Are your legs uncomfortable when trying to sit or lie down? Do you experience a crawling, creeping, burning, or tingling sensation in your legs that interfere with your sleep, and keep you up at night? Do your legs feel better when you get up and move around? If you answered yes to all of these, you could be suffering from restless legs syndrome.
Restless legs syndrome (RLS) is a common condition you probably haven’t even heard of. It affects more individuals than type 2 diabetes and other conditions. Up to seven or eight percent of the population are suffering from this neurological condition with two to three percent experiencing severe symptoms that impact their quality of life.
Most individuals develop RLS after the age of 45 years old. Women have nearly two times the risk of developing the condition as men.
RLS is a disorder, causing uncomfortable and unpleasant sensations in your legs, causing you to have a strong urge to move them. You often experience the symptoms in the late afternoon or during the night when you’re trying to sleep. You may also experience them when you sit and are inactive for an extended period (i.e. watching a movie or sitting on an airplane).
Because the severity of your symptoms can increase during the night, it often becomes difficult for you to fall asleep or go back to sleep after you wake up. Walking around or moving your legs typically alleviate the discomfort, however, you can experience the symptoms again once you stop the movement.
Restless legs syndrome falls under the classification of a type of sleep disorder because rest and attempting to sleep trigger the symptoms. It’s also classified as a movement disorder because you’re forced to move your legs to find relief of the symptoms. It’s best characterized, however, as a neurological sensory disorder in which your brain itself produces the symptoms.
Often, RLS doesn’t have any known cause. Researchers do suspect a dopamine (brain chemical that sends signals to control the movement of muscles) imbalance could be the cause.
Pregnancy or changes in hormones could worsen RLS symptoms temporarily. Some women experience their first occurrence of RLS during pregnancy, particularly during the last trimester. But, symptoms typically go away after delivery.
Sometimes, RLS runs in families, particularly when the disorder begins before the age of 40. Researchers have found certain areas on the chromosomes where RLS genes could be present.
RLS typically isn’t associated with any underlying, serious medical problem. But, it has accompanied other conditions in some cases like:
RLS makes it hard to get comfortable so you can fall asleep. Your symptoms are likely worse during the night. Some individuals find it hard to describe the sensation they experience. You might lie down, and start feeling itching or burning inside your legs. If you get up, move your legs or walk around, the symptoms typically go away. But, the discomfort could come back once you’re lying back down, and trying to go back to sleep.
RLS might cause you to sleep fewer hours at night. Many individuals with severe cases of RLS experience less than five hours each night of sleep. Milder cases don’t disrupt your sleep as much; however, the sleep you do get could be of poorer quality.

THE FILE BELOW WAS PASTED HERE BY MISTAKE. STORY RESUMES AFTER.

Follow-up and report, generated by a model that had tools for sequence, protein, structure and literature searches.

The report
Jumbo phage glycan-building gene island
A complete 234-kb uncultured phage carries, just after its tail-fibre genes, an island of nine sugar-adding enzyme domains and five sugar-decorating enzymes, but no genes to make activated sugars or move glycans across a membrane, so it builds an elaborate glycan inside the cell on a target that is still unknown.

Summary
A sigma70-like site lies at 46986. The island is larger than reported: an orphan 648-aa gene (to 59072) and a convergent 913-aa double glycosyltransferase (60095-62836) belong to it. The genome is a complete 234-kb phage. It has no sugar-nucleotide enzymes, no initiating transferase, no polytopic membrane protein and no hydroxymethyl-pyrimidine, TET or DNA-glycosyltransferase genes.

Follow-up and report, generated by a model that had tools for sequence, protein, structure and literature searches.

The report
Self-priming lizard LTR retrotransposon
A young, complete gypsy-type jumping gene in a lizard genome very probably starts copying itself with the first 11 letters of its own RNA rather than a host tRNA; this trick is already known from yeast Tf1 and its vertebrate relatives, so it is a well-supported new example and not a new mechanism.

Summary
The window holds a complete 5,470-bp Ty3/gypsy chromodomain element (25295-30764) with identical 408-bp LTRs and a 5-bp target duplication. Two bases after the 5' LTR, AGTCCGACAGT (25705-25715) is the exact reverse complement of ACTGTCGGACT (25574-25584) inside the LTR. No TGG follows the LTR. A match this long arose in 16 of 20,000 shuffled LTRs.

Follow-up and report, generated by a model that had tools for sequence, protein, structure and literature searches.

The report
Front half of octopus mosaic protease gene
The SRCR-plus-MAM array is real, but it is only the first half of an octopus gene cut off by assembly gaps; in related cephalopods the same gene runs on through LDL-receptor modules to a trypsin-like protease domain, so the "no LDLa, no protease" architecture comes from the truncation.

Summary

This sleep loss accumulation from RLS could cause you to be excessively sleepy in the daytime, make concentration difficult, and cause you to feel irritable. This could have a huge effect on your personal and professional life. Individuals with RLS are more likely to have anxiety or depression.
The numerous (mostly unknown) causes make RLS hard to treat. Individuals who’re struggling with RLS should definitely go to their doctor to receive a diagnosis, and obtain more details of what’s going on. In the meantime, you can try any of these five home remedies to see if it helps your RLS symptoms.
1. Give Up Alcohol, Caffeine, and Tobacco
Giving up these substances could positively impact your RLS symptoms, and sometimes, even help you fall asleep better and experience more restful sleep.
2. Exercise or Perform Yoga
Some research has shown moderate exercise could help improve RLS. For example, in a small group of 23 individuals, those who finished a 12-week course of lower-body resistance training, and 30-minutes of walking on a treadmill, reported a substantial improvement in their RLS symptoms than those who didn’t exercise.
You could also benefit from yoga, according to another study with 13 women participants. These women found symptom improvement after performing lyengar yoga classes for eight weeks. You just don’t want to overdo it. Exercising within an hour before you go to bed, or performing workouts that cause your legs to be sore, can potentially worsen your symptoms, according to the Restless Legs Syndrome Foundation.
3. Make Improvements to Your Sleep Habits
Good sleep hygiene could help reduce the insomnia associated with RLS.
This could mean:
4. Treat Yourself to a Home Spa Treatment
Warm baths, self-massage, and alternating between ice packs and heating pads can help reduce your RLS symptoms. However, this is mostly based off of anecdotal reports versus extensive research. Even so, these are still great ways to get in some therapeutic self-care time.
5. Relaxation Techniques
Stress can worsen your RLS, therefore meditation, exercises like yoga and tai chi could help.
RLS can really affect your sleep. It can take a toll on your life, causing marked life quality impairment, and possibly lead to depression. Because of this, don’t hesitate to talk with your doctor, and see what can be done to help alleviate your symptoms.
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